Looming over the west bank of the New River Lagoon, Lamanai, or "submerged crocodile," is off the beaten track-perhaps the reason why it thrived for over 3000 years. The city of Lamanai began its regional supremacy around 1500 B.C. Extending from the formative years of the Mayan world to the preaching friars of Spanish colonists, Lamanai flourished and supported a vast community of farmers, merchants, and traders.
Named for the thriving crocodile population in the nearby New River lagoon, Lamanai's main structures and excavated artifacts exhibit many representations of the famed reptile. Because some of Lamanai's ruins are some of the oldest in Belize dating back to 700 B.C., the site has received more attention than other archaeological sites in the country. Still, of the 700 buildings within the complex, less than five percent have been excavated and explored. Aside from the central pyramid, thick forest has consumed many of the limestone mounds that housed the thousands of Mayan inhabitants. With a population exceeding 35,000 at the height of the city's power, Lamanai's trading influence extended over the borders of present-day Guatamala, Honduras, Mexico, and Belize.
Abnormally high concentrations of corn pollen scattered throughout the area indicate Lamanai originated as an agriculturally based settlement. As the Classic Period came to an end in the ninth and tenth centuries, many of the neighboring Mayan cities proceeded through a period of decay to final collapse. Lamanai survived this time of upheaval and continued trade with sites in the northern part of the Yucatan Peninsula on into the Post-Classic Period. Copper, tin, and bronze objects flowed into Lamanai from sources in west Mexico, the Oaxaca Valley, and probably middle Central America. Lamanai also profited from intense immigration from the fringes of nearby cities that were undergoing gradual abandonment.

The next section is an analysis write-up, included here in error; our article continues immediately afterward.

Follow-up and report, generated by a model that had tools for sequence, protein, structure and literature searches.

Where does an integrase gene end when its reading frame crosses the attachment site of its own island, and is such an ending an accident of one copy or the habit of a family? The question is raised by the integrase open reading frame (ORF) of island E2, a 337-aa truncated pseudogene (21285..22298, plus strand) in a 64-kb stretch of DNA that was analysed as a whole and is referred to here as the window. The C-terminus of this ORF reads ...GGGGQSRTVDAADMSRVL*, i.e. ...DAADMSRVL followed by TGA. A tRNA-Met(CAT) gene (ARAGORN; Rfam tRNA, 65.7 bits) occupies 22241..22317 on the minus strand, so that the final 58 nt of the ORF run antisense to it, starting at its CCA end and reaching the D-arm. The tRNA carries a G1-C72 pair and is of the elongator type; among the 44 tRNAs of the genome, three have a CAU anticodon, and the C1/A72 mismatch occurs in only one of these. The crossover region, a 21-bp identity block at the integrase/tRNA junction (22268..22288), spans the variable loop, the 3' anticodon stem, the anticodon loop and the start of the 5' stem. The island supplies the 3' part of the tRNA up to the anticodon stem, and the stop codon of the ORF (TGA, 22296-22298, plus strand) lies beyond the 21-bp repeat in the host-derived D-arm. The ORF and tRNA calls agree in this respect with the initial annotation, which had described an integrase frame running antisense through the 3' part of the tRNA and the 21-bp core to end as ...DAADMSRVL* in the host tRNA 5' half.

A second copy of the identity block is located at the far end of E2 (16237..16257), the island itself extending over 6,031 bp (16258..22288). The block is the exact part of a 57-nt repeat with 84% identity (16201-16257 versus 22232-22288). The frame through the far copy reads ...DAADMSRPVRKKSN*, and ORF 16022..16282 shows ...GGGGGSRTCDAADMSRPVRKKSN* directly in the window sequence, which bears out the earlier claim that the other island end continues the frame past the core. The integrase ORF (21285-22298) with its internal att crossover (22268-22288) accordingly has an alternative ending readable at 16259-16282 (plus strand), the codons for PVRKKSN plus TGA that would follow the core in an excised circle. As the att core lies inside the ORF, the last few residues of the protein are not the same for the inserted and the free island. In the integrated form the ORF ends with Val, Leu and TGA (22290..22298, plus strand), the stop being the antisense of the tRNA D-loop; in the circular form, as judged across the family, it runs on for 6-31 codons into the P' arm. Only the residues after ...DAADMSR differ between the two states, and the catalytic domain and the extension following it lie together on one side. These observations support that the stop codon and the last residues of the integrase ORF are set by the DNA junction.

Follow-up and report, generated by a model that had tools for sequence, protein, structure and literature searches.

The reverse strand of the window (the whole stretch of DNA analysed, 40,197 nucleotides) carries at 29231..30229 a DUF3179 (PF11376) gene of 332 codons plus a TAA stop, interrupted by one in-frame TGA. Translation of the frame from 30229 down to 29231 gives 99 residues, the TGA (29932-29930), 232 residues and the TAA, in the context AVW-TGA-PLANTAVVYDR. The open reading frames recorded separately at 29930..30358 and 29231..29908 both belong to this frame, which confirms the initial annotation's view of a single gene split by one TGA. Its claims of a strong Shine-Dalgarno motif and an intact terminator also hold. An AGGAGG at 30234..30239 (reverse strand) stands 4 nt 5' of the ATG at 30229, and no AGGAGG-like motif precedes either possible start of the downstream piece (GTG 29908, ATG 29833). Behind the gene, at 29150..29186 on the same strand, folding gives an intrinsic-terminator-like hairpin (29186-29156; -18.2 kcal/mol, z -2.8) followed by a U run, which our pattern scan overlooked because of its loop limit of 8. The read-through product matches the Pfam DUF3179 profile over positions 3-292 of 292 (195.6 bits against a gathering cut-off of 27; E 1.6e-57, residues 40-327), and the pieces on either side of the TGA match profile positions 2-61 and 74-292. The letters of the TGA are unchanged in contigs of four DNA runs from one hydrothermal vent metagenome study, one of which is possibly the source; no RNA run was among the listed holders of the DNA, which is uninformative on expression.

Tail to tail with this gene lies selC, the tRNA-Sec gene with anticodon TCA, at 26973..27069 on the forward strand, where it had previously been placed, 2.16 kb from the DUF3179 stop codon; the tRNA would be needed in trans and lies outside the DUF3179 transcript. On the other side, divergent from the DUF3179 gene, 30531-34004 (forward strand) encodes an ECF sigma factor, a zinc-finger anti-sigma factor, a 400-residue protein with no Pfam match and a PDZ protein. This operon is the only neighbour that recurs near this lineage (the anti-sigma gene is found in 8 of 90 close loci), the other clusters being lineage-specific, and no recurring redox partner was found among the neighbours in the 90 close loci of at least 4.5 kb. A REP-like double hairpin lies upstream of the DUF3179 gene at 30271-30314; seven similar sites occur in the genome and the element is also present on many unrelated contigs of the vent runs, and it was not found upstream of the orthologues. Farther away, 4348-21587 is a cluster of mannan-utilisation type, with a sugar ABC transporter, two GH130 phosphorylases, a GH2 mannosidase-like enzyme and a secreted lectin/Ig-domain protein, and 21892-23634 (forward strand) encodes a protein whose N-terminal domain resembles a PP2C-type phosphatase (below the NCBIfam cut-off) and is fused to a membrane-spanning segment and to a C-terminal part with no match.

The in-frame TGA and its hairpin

Main Temple at Lamanai Under Reconstruction
The Spaniards first arrived in the middle of the sixteenth century. The European presence immediately began a series of changes that predominantly focused on Catholic conversion. Missionaries erected Christian churches and related structures into the indigenous settlement pattern. For nearly a century the Spaniards controlled the region despite the fact that their friars and missionaries rarely inhabited Lamanai or its surrounding villages. The church offerings of the time show a resurgence of Maya iconography, which had never been fully suppressed at the time of Spanish contact.
Old Spanish Church at Lamanai
In 1640, the Mayans rebelled against the Spanish influence in much of the region and burned the churches to the ground. After the Spanish were eradicated, a series of epidemics eventually weakened the city and finally put an end to 3000 years of social, political, and cultural dominance within the region.
Although Lamanai is accessible by road, most visitors prefer to travel by boat along the New River and witness the same flora and fauna ancient Mayan traders observed on the way to the city. The river twists and divides its way through the forest en route to the New River Lagoon, a body of water more than a mile wide sitting on the fringe of the ancient city.
Lamanai is also a botanical and wildlife reserve and showcases many native exotic birds and plants used for medicinal and commercial purposes. Most trees are labeled along the trails for easy identification. Visitors can arrange boat trips through local hotels, travel agents, or tour operators at a moments notice or as a pre-planned package.